“I hope that this will be the first in a line of tributes to some of the best racers in the world, who inspired me and many others – Modified racers,” Baldwin said.
Modified fans have contributed from $20 to $10,000 to have their names etched on the Evans tribute Chevy. Each sponsorship package carries different levels of involvement, including pit passes, garage tours and featured placement on the car’s hood. Any proceeds exceeding $125,000 will be donated by TBR to the Victory Junction Gang Camp, a facility for kids with special needs founded by Kyle and Pattie Petty in honor of their late son, Adam.
Known as “The King of Modified Racing,” Evans won eight consecutive class championships from 1978 to 1985 and nine overall. In 1979, Evans posted an incredible 54 top-five finishes in 60 Modified starts. From Quebec, Canada, to Florida, Evans racked up more than 400 career victories while putting Rome and Central New York on the racing map. The rivalry between Evans and fellow-Roman Jerry Cook, a six-time NASCAR Modified champion, divided many a household in “The Copper City” during their heydays.
Evans was 44 when he was killed in a crash while practicing for the Winn-Dixie 500 tripleheader at Martinsville Speedway on Oct. 24, 1985. Ironically, he already had clinched the Winston Modified Tour championship, now known as the Whelen Modified Tour.
Evans also was one of the 25 inaugural Class of 2010 nominees for the recently opened NASCAR Hall of Fame in Charlotte, N.C., and remains on the ballot for 2011. Closer to home, one of his restored No. 61 Modifieds is prominently displayed in the recently expanded NASCAR wing of the Rome Sports Hall of Fame and Museum.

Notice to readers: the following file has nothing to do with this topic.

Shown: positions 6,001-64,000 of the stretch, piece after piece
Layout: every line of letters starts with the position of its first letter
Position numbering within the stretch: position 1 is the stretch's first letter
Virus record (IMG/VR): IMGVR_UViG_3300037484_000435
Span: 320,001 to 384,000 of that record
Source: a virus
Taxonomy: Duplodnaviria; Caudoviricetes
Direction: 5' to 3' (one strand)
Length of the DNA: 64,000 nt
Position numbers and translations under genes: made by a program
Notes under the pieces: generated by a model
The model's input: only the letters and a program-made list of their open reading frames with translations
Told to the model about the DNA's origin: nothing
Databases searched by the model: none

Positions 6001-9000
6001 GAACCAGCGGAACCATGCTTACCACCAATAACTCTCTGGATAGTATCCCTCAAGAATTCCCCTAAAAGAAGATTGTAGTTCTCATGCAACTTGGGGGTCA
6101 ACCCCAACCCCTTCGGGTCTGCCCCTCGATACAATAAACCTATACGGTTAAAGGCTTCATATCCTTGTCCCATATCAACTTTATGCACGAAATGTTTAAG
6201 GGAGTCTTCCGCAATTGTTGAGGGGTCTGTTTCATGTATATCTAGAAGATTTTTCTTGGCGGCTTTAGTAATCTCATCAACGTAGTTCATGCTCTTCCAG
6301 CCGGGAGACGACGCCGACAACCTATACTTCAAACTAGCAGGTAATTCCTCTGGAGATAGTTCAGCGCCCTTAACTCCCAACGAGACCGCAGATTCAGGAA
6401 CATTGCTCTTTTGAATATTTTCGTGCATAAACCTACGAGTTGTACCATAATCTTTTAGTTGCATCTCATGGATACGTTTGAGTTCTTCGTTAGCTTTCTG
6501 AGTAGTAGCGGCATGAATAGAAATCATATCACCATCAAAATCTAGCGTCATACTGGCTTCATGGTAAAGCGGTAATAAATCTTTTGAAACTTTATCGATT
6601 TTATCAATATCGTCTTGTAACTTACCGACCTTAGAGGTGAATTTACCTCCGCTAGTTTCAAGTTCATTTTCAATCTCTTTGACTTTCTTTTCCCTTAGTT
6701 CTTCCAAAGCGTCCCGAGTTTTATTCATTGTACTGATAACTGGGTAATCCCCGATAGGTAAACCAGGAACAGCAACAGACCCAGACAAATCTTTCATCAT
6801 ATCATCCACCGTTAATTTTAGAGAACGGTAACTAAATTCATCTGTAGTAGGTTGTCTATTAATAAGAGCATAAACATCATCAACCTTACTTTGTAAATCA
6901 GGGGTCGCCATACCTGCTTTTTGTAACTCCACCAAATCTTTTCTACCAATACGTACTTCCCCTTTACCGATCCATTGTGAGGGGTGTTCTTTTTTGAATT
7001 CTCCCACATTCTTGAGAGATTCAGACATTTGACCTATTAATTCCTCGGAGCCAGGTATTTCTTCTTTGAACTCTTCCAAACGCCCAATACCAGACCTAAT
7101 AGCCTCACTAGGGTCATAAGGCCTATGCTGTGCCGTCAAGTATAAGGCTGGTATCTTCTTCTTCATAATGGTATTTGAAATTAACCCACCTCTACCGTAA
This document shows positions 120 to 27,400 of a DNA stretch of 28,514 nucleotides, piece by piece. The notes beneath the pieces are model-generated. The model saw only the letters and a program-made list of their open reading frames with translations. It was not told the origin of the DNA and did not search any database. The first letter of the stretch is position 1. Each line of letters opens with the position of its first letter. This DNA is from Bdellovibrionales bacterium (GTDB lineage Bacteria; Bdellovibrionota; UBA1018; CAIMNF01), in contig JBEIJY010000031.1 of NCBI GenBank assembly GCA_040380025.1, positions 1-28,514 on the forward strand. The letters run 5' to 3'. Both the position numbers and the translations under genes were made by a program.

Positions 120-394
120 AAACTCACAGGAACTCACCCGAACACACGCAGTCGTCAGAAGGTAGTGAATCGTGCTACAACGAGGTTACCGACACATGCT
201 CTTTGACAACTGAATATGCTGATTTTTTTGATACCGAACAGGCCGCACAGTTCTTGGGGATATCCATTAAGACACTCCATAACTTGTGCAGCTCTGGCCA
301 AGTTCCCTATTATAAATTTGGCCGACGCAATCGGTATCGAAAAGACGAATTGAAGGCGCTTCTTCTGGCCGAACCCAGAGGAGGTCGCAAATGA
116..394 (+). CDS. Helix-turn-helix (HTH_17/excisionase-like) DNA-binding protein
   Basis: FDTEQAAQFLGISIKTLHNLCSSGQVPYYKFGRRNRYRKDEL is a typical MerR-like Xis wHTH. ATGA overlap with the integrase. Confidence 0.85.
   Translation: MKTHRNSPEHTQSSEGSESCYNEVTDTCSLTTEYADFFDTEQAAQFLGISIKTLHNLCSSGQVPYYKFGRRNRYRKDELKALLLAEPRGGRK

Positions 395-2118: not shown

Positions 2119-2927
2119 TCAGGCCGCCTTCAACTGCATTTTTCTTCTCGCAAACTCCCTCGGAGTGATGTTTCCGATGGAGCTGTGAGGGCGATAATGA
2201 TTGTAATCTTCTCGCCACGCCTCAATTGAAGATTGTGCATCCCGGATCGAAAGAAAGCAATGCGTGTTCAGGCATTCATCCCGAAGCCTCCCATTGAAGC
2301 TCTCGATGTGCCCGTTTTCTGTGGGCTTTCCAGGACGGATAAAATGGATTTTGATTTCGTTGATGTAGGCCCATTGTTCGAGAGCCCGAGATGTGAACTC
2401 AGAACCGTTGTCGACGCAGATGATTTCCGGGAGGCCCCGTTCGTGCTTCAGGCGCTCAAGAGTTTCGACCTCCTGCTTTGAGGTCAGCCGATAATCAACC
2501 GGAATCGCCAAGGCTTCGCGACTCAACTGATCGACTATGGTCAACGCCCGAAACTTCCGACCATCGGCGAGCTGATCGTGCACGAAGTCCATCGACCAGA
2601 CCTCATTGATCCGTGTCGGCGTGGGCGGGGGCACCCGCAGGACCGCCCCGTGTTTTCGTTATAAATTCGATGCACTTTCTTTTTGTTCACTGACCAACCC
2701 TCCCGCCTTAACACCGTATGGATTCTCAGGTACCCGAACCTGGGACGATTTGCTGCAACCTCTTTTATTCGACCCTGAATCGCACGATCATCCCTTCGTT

“Richie is respected by so many drivers, and he really made his mark in this sport,” said Park, 42, who is working with crew chief Kevin Buskirk this weekend. “This is a really neat way to get the fans involved while paying homage to one of the greats.”
Park, who started on-pole at DIS in July 2003, was hand-picked by Earnhardt to join his fledgling Dale Earnhardt Inc. operation in 1996. A native of East Northport, N.Y., Park won Cup races at Watkins Glen (N.Y.) International and North Carolina Speedway – the latter the weekend after his mentor was killed at DIS. But Park’s career began to slide after he suffered a brain injury in a grinding T-bone crash involving Larry Foyt during a Nationwide race at Darlington Raceway in 2001.
Park’s fulltime Cup career ended after the 2003 season, during which he drove for DEI and Richard Childress Racing. Park, who has six victories across NASCAR’s three touring series, currently is a regular in the NASCAR Camping World East Series. On Jan. 2, Steve and wife Jessica celebrated the birth of their first child, son Jayden Robert Park…a likely third-generation Modified star in, say, 2028.
Tonight, however, Park will be riding with Richie in the afterglow of Dale Jr.’s tribute-filled victory to his daddy. For all that might-have-been, it promises to be bittersweet.
– John Sturbin can be reached at firstname.lastname@example.orgOne Comment